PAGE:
However, CMS and OIG notably reiterated the IFC's statements that the distribution of shared savings by an ACO that incentivize the provision of "alternate and appropriate" medically necessary care are protected.19 This could be interpreted to protect payments to physicians that induce them to substitute one medically necessary drug or device product for another, which raises concerns about whether this would lead to physicians stinting on more costly products. Allowing ACOs to provide physicians with financial incentives to substitute one medically necessary item or service for another could interfere with clinical decision-making, potentially compromising patient quality of care and undermining the goals of the MSSP. In fact, CMS and OIG have themselves expressed concern about the risk that physicians will "limit[] their use of quality-improving but most costly devices, tests, or treatments ('stinting')" as a result of shared savings distributions.20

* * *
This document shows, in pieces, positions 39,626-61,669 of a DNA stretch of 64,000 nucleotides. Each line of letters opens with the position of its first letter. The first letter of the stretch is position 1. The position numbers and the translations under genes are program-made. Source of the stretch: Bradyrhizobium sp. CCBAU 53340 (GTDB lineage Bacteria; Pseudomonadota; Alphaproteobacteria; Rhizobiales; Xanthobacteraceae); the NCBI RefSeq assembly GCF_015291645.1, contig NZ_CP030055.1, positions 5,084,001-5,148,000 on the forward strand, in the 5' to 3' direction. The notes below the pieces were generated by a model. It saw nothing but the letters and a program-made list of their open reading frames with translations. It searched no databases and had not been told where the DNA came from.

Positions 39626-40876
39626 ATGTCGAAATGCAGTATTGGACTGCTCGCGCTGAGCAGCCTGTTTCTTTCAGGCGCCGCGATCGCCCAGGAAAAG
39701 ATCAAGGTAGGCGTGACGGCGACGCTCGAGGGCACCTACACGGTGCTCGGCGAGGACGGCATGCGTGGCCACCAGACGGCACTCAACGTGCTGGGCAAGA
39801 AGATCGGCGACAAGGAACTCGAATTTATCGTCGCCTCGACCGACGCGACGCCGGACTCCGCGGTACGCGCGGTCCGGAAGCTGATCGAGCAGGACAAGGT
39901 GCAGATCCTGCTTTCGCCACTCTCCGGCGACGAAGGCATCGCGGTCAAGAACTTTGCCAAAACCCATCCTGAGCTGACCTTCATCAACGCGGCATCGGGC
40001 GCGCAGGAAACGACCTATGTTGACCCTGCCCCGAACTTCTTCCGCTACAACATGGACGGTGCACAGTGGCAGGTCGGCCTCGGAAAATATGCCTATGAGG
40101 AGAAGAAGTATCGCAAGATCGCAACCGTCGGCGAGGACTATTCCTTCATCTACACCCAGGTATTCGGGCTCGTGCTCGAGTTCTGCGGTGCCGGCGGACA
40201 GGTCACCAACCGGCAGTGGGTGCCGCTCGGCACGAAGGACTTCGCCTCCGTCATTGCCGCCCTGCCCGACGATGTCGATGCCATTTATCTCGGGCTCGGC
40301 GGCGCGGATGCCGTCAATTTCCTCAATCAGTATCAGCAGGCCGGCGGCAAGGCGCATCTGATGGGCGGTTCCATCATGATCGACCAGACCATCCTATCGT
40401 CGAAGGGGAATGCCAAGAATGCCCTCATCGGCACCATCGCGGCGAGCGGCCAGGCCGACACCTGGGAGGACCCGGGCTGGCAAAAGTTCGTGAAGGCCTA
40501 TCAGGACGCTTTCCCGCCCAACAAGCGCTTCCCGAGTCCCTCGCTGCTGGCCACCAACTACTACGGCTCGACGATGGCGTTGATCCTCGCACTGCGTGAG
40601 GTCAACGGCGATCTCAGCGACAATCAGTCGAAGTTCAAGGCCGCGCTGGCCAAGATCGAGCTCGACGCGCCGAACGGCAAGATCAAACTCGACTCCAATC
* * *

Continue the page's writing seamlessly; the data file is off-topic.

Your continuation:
In response to comments requesting that CMS and OIG "incorporate additional safeguards to prevent stinting . . . or reducing or limiting medically necessary items or services," CMS and OIG rejected the idea that safeguards such as "ensuring the availability of the same range of items and services" were needed.21 CMS and OIG responded that while "it is critical to protect patients from . . . stinting on care, and the withholding of medically necessary items or services," the final rule "preserves the protections contained in the Gainsharing CMP and reflects our commitment to the quality and safety of patient care."22 CMS and OIG also stated that the MSSP already has "extensive quality requirements"; that CMS "has monitoring authorities to prevent ACOs from engaging" in stinting;23 and that the risk of stinting on care is further reduced because Medicare's shared savings payments to ACOs are conditioned on meeting certain quality metrics.24

Drug and device manufacturers should continue to watch closely to see whether CMS is using its monitoring authorities set forth in 42 C.F.R. 425.316(b) to ensure that ACOs, ACO participants, and ACO providers/suppliers do not stint on medically necessary care, including drugs and devices.25 Manufacturers should also watch as CMS periodically revises the package of quality metrics used to evaluate ACOs to see if those metrics are in fact likely to discourage stinting.

IV.     Waiver for Patient Incentives